The Denpa Men: They Came By Wave is a title I had been looking at in the e-shop since the day I picked up my 3DS, but I just wasn't convinced to buy. It was cute enough and it seemed weird enough, but the demo didn't sway me and I left it on my wish list for later.
There is a surprising downside to video game demos. With fewer and fewer options available for those that might want to try a game before buying it, demos are the default option. But demos have the adverse effect of underselling a good game or demonstrating how bad a bad game really is. Understandably, many developers and publishers aren't willing to take that chance. Where does that leave us? The guys at Extra Credits take a look.
So in the last post, you saw my top ten games of 2012. However, I think the last twelve months were fabulous for gaming overall. It seemed as though there were a neverending stream of titles that ranged from "pretty good" to "pretty great,"and I never had much trouble finding something that was worthwhile.
Extra Credits comes with another interesting game design breakdown. It is, as they readily admit, a bit heavy in game theory, but being aware of this aspect of game creation can go a long way toward a gamer understanding how limiting our current genres actually are. We might also see how limited our game creators are and why some titles simply miss being that breakout hit.
Something interesting I noticed this year was a trend of push-back against "choice" games in which the player did not get to control every outcome. The two biggest examples which spring to mind are, of course, The Walking Dead and Mass Effect 3.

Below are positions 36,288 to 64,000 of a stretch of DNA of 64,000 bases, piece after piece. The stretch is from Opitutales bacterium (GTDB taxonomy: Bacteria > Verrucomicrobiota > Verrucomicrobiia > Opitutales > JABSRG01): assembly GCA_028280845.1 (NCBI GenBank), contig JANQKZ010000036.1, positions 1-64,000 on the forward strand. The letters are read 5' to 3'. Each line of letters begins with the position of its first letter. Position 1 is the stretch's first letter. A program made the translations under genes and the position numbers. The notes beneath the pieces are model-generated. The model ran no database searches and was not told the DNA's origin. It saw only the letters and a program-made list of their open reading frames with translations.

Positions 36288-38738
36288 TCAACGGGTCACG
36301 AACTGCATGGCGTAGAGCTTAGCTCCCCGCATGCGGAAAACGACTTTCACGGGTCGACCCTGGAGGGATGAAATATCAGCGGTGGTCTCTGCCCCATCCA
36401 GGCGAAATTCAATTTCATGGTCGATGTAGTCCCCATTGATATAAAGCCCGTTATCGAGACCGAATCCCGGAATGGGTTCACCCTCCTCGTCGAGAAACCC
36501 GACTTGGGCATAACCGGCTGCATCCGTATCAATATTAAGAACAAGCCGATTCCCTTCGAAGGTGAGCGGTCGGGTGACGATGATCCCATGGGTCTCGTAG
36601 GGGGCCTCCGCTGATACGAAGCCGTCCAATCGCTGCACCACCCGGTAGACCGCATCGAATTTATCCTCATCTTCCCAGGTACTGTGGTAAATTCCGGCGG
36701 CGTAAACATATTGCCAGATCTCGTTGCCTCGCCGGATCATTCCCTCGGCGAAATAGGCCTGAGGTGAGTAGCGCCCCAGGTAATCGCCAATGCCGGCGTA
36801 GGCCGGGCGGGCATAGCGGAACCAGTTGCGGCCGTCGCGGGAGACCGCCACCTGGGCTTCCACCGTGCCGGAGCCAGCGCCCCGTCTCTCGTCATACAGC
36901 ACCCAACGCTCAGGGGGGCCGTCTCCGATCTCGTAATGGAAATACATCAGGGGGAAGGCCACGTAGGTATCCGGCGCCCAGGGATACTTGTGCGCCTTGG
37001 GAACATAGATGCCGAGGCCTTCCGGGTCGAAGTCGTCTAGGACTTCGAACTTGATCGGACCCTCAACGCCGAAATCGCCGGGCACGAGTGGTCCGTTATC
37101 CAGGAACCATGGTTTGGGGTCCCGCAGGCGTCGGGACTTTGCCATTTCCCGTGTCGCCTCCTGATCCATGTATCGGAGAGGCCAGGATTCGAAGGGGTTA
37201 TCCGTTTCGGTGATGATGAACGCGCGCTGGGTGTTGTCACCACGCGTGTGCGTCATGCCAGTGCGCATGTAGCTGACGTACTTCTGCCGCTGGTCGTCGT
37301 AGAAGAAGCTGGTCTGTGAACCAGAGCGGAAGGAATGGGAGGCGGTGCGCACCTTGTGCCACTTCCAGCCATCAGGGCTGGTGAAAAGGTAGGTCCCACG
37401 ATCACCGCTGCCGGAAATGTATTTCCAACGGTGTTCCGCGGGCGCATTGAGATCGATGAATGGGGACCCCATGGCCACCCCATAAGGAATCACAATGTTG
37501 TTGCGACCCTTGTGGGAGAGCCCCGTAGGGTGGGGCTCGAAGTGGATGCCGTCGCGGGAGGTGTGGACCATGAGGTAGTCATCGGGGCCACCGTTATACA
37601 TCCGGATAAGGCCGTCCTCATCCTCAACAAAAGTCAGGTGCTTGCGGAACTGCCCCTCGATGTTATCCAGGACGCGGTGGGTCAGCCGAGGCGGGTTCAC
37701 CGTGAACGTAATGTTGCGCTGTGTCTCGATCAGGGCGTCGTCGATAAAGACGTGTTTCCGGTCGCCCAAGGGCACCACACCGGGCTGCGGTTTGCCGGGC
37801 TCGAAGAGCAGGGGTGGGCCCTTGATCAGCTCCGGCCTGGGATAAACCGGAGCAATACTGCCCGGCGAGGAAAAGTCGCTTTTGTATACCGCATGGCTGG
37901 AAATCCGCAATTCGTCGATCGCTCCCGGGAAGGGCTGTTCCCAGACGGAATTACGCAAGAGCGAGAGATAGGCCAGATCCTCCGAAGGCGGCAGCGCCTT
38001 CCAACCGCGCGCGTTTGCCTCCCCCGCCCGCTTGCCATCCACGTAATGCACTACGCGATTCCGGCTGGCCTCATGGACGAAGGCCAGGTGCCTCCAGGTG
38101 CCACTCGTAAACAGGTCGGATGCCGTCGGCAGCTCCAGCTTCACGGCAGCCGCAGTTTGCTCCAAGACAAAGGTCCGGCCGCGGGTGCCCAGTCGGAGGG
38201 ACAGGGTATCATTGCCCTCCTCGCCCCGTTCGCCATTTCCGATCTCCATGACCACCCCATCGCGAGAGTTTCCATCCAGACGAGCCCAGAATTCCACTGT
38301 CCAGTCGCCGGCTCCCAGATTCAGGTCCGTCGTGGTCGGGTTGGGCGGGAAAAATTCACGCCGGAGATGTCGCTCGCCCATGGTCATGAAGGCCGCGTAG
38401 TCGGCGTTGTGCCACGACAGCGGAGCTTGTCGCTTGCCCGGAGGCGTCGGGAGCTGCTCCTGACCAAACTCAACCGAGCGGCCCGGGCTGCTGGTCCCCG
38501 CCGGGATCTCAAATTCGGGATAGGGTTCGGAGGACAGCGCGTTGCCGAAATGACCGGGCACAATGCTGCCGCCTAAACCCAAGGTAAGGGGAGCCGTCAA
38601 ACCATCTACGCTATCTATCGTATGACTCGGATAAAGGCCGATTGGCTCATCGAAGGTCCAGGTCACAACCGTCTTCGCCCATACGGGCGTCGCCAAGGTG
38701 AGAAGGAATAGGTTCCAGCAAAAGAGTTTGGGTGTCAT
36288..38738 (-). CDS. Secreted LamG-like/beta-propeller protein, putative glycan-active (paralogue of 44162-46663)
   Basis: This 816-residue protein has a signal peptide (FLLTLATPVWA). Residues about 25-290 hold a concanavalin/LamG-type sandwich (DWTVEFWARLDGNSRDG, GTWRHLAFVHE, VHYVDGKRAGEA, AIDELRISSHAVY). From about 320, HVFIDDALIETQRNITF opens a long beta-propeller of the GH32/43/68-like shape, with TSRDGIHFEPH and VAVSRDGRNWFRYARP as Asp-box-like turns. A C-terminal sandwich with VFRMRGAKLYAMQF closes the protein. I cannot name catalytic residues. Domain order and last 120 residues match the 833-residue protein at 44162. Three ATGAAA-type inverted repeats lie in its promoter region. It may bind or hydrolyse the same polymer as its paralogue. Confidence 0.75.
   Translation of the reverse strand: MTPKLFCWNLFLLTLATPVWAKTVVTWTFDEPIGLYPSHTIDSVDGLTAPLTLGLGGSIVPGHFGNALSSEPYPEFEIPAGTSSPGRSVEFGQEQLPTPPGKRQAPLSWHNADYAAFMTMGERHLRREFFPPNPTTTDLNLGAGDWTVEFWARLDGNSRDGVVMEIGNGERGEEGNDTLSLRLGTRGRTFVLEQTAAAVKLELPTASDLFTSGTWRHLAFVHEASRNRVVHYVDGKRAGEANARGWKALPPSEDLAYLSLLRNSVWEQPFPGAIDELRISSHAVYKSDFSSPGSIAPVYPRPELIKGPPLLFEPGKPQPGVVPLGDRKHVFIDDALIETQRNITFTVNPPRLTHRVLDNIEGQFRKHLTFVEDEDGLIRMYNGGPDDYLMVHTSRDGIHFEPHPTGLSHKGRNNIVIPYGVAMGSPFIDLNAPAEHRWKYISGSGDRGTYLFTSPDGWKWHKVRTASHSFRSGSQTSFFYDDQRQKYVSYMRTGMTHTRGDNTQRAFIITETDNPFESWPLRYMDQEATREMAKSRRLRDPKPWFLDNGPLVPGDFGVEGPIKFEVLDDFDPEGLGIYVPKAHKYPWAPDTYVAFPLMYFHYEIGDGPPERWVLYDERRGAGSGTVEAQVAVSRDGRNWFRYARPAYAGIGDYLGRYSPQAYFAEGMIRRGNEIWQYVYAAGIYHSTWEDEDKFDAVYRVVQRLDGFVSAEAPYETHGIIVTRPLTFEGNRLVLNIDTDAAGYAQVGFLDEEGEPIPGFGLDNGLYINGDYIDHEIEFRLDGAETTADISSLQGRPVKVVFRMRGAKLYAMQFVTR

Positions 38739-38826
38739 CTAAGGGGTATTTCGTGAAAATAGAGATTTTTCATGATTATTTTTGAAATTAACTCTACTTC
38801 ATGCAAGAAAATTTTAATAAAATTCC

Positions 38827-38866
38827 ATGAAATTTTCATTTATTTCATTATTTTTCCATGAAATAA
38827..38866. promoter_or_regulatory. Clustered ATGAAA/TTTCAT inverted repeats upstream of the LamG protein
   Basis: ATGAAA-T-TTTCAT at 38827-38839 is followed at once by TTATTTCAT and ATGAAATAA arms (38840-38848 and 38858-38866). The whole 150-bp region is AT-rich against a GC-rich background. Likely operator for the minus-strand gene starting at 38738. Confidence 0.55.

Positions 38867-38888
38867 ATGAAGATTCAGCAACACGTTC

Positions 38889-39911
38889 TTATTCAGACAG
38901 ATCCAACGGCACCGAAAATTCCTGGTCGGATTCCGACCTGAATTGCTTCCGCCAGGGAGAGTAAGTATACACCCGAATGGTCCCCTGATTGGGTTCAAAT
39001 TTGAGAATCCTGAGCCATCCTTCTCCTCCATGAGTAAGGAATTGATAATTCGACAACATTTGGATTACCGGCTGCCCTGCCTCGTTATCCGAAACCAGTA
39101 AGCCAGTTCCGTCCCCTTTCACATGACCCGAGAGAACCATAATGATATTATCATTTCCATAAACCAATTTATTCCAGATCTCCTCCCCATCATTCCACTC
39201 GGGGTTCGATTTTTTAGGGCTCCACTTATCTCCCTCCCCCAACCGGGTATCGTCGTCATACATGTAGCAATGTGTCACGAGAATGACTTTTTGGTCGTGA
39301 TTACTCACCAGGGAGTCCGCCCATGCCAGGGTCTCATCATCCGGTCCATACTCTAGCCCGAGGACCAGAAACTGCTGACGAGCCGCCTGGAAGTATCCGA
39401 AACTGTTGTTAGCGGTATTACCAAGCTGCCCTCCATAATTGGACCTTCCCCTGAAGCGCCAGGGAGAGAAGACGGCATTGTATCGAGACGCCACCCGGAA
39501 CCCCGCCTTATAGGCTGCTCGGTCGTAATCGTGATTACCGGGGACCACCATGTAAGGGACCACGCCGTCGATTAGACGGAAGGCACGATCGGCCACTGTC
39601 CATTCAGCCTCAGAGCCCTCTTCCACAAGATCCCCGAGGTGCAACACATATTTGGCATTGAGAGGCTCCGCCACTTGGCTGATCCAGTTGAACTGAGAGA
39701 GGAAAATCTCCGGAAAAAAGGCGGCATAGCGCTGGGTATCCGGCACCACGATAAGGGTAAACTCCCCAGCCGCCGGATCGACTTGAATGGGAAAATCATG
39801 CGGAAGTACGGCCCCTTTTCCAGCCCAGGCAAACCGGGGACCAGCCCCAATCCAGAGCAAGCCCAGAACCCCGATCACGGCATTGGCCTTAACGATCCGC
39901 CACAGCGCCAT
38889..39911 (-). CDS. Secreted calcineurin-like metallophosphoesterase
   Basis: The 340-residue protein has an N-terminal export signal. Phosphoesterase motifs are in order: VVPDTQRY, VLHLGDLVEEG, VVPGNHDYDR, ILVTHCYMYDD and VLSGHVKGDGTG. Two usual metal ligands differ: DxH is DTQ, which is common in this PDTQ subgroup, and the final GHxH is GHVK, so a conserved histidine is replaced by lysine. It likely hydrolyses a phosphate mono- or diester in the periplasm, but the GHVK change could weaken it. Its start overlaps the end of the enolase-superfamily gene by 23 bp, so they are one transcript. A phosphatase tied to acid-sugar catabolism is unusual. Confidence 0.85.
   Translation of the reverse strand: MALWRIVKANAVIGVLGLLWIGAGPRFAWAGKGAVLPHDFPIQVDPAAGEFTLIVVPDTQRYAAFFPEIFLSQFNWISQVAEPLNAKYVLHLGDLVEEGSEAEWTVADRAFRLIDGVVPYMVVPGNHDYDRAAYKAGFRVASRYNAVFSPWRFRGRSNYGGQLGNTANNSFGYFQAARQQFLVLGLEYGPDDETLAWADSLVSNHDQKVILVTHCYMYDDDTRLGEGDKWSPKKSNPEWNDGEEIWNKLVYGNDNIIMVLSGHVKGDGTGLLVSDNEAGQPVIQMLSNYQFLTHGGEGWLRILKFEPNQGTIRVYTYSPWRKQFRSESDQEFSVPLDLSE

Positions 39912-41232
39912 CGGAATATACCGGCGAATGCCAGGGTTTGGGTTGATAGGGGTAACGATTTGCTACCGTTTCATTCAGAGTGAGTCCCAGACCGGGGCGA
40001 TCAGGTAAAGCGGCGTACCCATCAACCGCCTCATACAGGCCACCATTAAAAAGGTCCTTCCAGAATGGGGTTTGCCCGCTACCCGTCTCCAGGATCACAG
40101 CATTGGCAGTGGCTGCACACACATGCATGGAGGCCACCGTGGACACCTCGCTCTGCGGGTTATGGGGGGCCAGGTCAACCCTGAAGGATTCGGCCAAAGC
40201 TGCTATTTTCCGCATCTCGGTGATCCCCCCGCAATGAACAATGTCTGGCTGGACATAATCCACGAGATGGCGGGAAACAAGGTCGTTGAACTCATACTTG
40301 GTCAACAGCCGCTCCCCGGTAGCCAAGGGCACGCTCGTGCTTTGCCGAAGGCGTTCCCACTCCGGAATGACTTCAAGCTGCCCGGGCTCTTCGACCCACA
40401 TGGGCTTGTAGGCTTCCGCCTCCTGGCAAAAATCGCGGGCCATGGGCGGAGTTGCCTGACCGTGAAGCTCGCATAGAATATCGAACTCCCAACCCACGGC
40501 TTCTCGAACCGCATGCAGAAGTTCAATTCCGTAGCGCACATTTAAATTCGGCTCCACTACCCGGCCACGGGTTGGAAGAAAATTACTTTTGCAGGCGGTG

When I think back to my 20-something self, during the 16-bit era, I remember how starved for video game information I was. We had monthly magazines to keep us in the loop back then, and information was relatively limited. "Oh, this game looks cool!" I would think to myself, but after reading a few paragraphs and seeing a couple of images, that was it.
The guys at Extra Credits ask if the video game industry can move beyond games that are simply "fun." Where are the tragic gaming experiences that don't provide a happy ending? Where are the deep, thoughtful experiences that can't be summed up in a catchy subtitle on the box or communicated clearly via box art? We've seen this question pop up frequently during the last few years and we've even seen the creation of a category of games called "serious games" come out of that discussion. As the name implies, it includes games that provide gamers with something other than entertainment. We've also seen the indie games industry pick up the mantle and releasing promising experimental games across the various platforms.
But efforts like that do not reach the mainstream and Extra Credits argues that it is well past time for the industry as a whole to head in that direction. Without true breadth of content, games will never escape the children's plaything or disposable diversion stigma. An entertainment medium seen as having little to no value cannot fight censorship attacks as we are now seeing in the aftermath of the Sandy Hook massacre. The Obama Administration and Congress might not be so quick to act if there were anything more than grey military shooters and primary-colored wish fulfillment populating store shelves.
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